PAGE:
Neuropsychological functioning among individuals infected with hepatitis C: A comparison of pre- and post-transplant performance

Maiko Sakamoto, Robin C. Hilsabeck, Meghan Hammel, Fatma Barakat, Tarek Hassanein, William Perry

Research output: Contribution to journalArticlepeer-review

Abstract

It is well established that patients with end stage liver disease (ESLD) experience cognitive and mood problems; however, little is known about changes in cognitive and emotional functioning following liver transplantation, especially over the past decade with the epidemic of hepatitis C virus (HCV) infection taking over as the leading indication for liver transplantation. Seventeen patients with ESLD secondary to chronic HCV were assessed pre-and post-liver transplantation using a comprehensive neuropsychological battery. After an average of four years post-transplant, patients demonstrated significant improvements in most cognitive functioning and depressive symptoms. However, 18% of liver recipients continued to exhibit mild cognitive impairment mainly in areas of attention/executive functioning, motor speed, and learning. Liver transplantation is a life-extending surgery that reverses most, but not all, cognitive and mood difficulties. It is crucial to evaluate cognition after liver transplantation, especially in these three domains, and to consider the effect on daily functioning.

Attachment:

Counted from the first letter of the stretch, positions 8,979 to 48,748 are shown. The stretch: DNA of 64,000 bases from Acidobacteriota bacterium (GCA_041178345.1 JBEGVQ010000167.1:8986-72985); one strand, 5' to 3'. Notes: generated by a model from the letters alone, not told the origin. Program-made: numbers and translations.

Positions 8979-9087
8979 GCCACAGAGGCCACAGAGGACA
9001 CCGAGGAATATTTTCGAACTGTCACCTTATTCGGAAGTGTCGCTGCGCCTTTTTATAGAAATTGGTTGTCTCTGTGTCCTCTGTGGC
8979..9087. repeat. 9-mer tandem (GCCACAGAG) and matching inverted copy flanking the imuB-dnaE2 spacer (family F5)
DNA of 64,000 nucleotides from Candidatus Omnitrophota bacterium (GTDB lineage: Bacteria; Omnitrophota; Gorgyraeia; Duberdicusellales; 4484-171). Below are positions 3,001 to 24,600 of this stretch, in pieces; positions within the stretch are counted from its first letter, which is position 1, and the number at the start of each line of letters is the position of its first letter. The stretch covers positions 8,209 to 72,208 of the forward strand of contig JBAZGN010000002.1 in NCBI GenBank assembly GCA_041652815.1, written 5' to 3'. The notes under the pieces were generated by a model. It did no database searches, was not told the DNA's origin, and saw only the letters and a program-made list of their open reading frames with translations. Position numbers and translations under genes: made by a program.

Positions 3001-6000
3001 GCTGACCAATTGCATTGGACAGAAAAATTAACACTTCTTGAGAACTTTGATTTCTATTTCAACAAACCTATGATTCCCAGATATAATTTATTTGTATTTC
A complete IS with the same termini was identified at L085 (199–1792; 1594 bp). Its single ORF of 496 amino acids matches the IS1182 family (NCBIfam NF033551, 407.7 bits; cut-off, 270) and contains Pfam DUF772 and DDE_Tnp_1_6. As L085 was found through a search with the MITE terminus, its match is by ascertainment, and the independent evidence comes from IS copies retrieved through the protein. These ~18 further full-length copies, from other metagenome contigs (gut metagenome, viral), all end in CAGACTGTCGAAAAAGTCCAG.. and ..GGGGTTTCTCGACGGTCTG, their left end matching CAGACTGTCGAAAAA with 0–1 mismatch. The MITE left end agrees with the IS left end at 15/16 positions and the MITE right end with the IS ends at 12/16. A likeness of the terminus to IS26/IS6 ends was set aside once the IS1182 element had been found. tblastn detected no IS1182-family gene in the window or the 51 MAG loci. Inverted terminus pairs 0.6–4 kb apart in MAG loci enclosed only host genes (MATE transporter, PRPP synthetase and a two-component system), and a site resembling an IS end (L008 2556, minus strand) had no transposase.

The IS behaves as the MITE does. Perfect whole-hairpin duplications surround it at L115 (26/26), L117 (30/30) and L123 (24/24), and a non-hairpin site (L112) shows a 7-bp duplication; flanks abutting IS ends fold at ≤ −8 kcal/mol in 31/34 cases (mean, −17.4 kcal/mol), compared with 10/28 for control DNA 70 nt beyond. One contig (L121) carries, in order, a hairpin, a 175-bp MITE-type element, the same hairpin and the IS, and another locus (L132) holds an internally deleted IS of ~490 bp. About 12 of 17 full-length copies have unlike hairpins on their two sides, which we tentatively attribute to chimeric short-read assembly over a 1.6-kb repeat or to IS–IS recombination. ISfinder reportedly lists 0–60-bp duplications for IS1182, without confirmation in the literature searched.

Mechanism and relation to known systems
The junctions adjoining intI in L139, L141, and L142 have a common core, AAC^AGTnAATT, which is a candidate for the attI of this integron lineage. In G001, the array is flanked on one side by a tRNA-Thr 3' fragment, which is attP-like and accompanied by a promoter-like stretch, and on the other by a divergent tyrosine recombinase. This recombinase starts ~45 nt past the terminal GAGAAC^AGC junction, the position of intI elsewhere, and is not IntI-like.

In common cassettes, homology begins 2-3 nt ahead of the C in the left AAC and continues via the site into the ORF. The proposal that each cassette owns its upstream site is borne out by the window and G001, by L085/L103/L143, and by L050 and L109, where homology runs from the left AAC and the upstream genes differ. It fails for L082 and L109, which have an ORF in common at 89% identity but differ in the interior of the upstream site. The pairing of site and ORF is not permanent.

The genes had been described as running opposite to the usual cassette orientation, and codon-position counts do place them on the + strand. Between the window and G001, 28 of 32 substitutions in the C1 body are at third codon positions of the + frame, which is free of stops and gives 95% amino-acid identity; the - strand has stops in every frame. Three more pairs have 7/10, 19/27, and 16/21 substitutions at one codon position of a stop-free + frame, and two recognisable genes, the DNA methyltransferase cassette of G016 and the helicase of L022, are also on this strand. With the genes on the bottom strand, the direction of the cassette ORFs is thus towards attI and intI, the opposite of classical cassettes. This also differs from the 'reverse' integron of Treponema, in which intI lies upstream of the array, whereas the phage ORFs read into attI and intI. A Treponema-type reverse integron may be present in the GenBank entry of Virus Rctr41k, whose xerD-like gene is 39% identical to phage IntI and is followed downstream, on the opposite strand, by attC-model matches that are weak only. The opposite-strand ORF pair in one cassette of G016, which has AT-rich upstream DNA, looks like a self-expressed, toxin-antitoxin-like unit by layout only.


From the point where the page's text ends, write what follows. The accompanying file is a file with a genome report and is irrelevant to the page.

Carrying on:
Original languageEnglish (US)
Pages (from-to)67-83
Number of pages17
JournalNeuropsychological Trends
Volume17
Issue number1
DOIs
StatePublished - 2015

Keywords

  • Cognitive impairment
  • Depressive symptoms
  • End stage liver disease
  • Hepatitis C
  • Liver transplantation

ASJC Scopus subject areas

  • Neuropsychology and Physiological Psychology
  • Cellular and Molecular Neuroscience

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